Thursday, November 10, 2016
The Rockefellian Keys to Success:
I recently read Ron Chernow’s excellent biography of John D. Rockefeller. He writes that if there was one overarching principle to Rockefeller’s success, it is contained within this maxim of his: “I would rather be my own tyrant than have someone else tyrannize me.”
Rockefeller’s life has many great lessons for us at LegalShield. His most striking quality was self-control, or what we might call self-discipline. He relentlessly improved his will power, training himself to be master of his emotions, desires, and schedule, so that he could direct all his energy towards achieving his goals. He set big goals for himself, and then attacked them with a disciplined, workaday ethic.
Rockefeller understood that if you wish to be your own boss, you have to learn how to boss yourself.
Here were his 6 keys to success:
1. Practice Relentless Persistence
a. He was born in a clapboard house in New York in 1839. His mother was a solid, religious woman, but his father, William Avery Rockefeller, was essentially a snake oil salesman. He was not a good student. But he was known by his friends and classmates as someone who worked hard at everything.
b. He prospected for a job when times were tough. But he found one and obtained a toehold in the world of business, and would use it as a springboard in making his improbable climb from lowly bookkeeper to corporate titan.
2. Cultivate Unassailable Poise and Reserve
a. He had a deep reserve.
b. He held others accountable
c. He adopted a different leadership style than the stereotypical corporate tycoon, cultivating a power that relied not on loud, blustering displays and belligerent table-pounding, but quiet authority. As a young man he had struggled with his temper, but he had trained himself to control it.
d. He was extremely composed in a crisis
3. Check Your Ego
a. “Only fools get swelled up over money.” –John D. Rockefeller
b. Rockefeller keenly understood the way that power and wealth could lead to hubris, and intentionally trained himself not to be guided by ego.
c. Membership in a faith community also aided him in keeping a level head.
4. To Get Wealthy, Have a Purpose Beyond Getting Wealthy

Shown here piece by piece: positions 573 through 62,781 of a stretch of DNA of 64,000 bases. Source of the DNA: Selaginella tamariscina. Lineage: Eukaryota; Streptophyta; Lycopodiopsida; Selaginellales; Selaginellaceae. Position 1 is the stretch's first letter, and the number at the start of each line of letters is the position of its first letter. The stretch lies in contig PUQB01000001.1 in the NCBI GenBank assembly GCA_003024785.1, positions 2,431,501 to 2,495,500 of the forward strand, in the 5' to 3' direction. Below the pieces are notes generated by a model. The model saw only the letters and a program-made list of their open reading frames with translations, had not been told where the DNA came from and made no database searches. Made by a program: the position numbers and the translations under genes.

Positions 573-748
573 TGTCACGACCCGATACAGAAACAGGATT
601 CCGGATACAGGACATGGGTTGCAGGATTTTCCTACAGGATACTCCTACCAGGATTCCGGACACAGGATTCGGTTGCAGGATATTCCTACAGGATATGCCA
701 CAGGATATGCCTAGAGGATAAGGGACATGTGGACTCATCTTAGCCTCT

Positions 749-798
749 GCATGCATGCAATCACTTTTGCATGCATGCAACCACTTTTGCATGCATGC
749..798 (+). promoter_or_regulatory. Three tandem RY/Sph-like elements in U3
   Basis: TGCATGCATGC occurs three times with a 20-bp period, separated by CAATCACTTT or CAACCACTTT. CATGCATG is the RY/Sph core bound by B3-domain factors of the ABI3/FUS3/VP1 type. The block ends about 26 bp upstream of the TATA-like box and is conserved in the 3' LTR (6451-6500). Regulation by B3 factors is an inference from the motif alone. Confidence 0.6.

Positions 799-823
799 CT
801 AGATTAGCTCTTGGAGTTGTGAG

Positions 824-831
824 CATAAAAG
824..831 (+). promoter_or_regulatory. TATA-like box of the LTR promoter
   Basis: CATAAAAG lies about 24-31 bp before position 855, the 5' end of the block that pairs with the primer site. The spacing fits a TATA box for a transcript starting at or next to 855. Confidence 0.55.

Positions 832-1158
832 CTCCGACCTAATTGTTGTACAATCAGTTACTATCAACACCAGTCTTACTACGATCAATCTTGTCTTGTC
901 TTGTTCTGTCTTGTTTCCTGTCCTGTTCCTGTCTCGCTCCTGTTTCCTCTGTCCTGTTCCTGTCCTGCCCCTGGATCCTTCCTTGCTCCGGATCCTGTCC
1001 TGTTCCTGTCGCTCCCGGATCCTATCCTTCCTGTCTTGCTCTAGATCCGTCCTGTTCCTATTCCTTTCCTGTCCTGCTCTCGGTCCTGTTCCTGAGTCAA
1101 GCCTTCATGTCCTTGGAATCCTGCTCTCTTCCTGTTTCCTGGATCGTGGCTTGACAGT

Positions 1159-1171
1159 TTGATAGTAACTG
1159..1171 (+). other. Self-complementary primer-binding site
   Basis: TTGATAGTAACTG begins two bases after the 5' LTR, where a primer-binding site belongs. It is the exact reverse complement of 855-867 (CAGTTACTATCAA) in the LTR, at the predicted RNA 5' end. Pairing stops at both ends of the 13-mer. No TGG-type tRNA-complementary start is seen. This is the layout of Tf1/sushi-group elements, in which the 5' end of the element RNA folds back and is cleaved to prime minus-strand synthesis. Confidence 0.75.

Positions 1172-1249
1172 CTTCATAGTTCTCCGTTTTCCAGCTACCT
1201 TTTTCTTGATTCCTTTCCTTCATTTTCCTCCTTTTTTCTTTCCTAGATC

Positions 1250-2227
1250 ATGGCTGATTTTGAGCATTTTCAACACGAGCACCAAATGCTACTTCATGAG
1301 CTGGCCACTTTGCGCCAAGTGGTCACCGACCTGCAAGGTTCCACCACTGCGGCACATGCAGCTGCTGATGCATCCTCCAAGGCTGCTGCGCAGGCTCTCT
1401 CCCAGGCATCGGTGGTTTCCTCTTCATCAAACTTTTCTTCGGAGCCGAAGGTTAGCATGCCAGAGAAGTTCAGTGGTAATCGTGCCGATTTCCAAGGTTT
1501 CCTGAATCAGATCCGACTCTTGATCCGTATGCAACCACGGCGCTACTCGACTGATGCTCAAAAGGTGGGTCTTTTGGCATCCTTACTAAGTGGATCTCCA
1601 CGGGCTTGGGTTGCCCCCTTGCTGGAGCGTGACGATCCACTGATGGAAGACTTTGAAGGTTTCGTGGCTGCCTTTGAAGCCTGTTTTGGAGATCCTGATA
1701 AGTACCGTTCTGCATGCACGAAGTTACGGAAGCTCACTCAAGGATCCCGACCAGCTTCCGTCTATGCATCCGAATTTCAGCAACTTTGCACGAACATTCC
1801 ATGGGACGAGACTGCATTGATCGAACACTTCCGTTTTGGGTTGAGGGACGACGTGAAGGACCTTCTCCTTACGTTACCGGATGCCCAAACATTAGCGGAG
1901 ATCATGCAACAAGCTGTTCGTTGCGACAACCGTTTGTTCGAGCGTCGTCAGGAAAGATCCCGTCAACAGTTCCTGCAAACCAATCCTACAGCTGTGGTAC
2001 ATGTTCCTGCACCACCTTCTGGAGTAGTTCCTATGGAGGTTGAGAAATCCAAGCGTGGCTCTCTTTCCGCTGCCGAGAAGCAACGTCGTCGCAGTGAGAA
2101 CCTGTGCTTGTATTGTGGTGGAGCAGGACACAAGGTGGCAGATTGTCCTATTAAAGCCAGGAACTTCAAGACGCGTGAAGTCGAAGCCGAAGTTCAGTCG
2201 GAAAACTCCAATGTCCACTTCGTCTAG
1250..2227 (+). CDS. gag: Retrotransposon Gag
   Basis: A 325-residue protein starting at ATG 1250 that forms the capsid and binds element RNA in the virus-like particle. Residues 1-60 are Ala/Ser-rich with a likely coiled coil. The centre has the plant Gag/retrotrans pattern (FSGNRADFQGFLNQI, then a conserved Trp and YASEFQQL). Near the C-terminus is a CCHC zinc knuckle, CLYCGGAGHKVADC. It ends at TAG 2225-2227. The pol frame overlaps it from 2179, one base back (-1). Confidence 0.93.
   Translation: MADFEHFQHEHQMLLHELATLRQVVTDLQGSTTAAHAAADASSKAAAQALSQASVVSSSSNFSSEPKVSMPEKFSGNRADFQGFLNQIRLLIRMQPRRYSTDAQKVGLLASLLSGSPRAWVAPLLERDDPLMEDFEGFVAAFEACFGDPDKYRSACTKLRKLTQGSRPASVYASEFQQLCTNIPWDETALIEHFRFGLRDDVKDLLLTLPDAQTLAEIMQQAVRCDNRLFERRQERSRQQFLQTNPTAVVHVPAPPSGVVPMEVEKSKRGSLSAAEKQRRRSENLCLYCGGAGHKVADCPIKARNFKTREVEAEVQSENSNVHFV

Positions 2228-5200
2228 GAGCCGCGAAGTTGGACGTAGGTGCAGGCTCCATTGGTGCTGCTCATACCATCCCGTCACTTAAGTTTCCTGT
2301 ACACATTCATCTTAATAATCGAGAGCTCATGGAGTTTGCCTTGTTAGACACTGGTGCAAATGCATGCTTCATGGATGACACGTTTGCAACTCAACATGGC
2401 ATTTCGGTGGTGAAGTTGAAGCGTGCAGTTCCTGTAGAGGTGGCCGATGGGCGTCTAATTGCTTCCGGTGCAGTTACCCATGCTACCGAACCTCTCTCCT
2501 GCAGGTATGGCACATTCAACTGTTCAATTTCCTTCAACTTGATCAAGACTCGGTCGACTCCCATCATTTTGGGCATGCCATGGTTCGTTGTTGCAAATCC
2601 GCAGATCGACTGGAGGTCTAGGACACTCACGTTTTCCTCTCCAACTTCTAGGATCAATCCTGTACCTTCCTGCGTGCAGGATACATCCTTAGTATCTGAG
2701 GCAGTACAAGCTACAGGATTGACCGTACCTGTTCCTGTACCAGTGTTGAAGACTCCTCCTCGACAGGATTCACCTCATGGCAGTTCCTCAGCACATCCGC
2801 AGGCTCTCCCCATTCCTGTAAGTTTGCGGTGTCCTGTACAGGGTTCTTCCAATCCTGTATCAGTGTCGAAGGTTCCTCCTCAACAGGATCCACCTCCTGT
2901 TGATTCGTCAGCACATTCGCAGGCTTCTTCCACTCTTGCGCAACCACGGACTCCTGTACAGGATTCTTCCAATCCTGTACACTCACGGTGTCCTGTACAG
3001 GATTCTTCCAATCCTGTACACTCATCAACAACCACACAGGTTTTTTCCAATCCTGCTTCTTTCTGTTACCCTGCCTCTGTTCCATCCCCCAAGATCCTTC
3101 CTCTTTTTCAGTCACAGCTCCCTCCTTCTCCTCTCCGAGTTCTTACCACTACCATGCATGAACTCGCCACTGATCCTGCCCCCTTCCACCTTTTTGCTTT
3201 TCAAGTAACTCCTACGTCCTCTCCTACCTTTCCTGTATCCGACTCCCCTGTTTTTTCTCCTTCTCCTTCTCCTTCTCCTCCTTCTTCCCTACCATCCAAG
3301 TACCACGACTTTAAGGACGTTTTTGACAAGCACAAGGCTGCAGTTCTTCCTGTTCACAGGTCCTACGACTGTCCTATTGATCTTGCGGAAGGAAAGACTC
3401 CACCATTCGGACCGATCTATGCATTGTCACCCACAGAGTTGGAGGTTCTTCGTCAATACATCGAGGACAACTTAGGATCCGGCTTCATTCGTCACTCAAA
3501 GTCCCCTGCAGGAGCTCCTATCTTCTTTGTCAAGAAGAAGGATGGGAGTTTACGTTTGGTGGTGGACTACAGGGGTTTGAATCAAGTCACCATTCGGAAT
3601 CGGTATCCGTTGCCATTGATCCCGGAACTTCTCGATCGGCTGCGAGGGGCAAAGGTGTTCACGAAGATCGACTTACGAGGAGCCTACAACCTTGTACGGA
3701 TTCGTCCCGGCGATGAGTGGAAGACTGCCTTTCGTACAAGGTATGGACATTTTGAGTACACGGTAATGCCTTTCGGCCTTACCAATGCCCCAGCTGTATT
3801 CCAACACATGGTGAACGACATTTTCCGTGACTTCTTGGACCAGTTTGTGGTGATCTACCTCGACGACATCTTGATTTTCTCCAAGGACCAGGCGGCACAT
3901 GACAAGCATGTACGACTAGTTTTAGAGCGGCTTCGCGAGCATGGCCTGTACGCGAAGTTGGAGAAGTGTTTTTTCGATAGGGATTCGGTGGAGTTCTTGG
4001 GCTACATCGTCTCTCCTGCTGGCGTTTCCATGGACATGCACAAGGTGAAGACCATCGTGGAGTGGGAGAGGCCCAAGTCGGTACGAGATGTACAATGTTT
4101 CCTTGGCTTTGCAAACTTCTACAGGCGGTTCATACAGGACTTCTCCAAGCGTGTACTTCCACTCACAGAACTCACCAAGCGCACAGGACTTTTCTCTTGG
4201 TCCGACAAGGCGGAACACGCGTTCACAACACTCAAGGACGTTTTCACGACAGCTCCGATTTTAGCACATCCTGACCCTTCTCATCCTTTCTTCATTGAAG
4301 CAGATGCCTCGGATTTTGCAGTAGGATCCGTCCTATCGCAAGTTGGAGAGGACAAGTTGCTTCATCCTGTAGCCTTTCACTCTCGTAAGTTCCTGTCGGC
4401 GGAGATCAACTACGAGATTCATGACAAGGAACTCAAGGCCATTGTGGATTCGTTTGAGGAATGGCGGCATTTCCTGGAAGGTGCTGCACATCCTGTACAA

a. “I know of nothing more despicable and pathetic than a man who devotes all the hours of the waking day to the making of money for money’s sake.” –John D. Rockefeller
b. At LegalShield, we call this our “why.” He said, “The man who starts out simply with the idea of getting rich won’t succeed; you must have a larger ambition.”
5. Pay Attention to the Details
a. When it came to appointments, he was religiously punctual. That sounds like our founder, Harland C. Stonecipher, who said, “If you cannot be on time, be early.”
b. He kept his own personal routine: allotting family, faith, and fortune, and sticking to that planned schedule down to the second.
c. In business deals, he always paid his debts and fulfilled his contracts on time.
6. Live Frugally (Even When You Don’t Have To)
a. In looking back on the factors that most shaped the trajectory of his success, Rockefeller believed that one of the most important was his decision to track all of his spending and saving.
b. Rockefeller kept up his thrifty habits throughout his life as well. He would save the paper and string from packages that arrived in the mail, wear out his suits until they had become almost threadbare, and go through the house at night turning off gas lamps that had been left on.
c. The Rockefellers were eager to pass on their frugal ways to their four children, who they understandably worried would grow up to be spoiled adults.
d. In a way, Rockefeller’s frugality wasn’t about money at all — but rather a way to exercise the muscle that had generated his success in the first place and continued to hold it all together: self-mastery.
My name is Jeff Bell, and I am just getting started!
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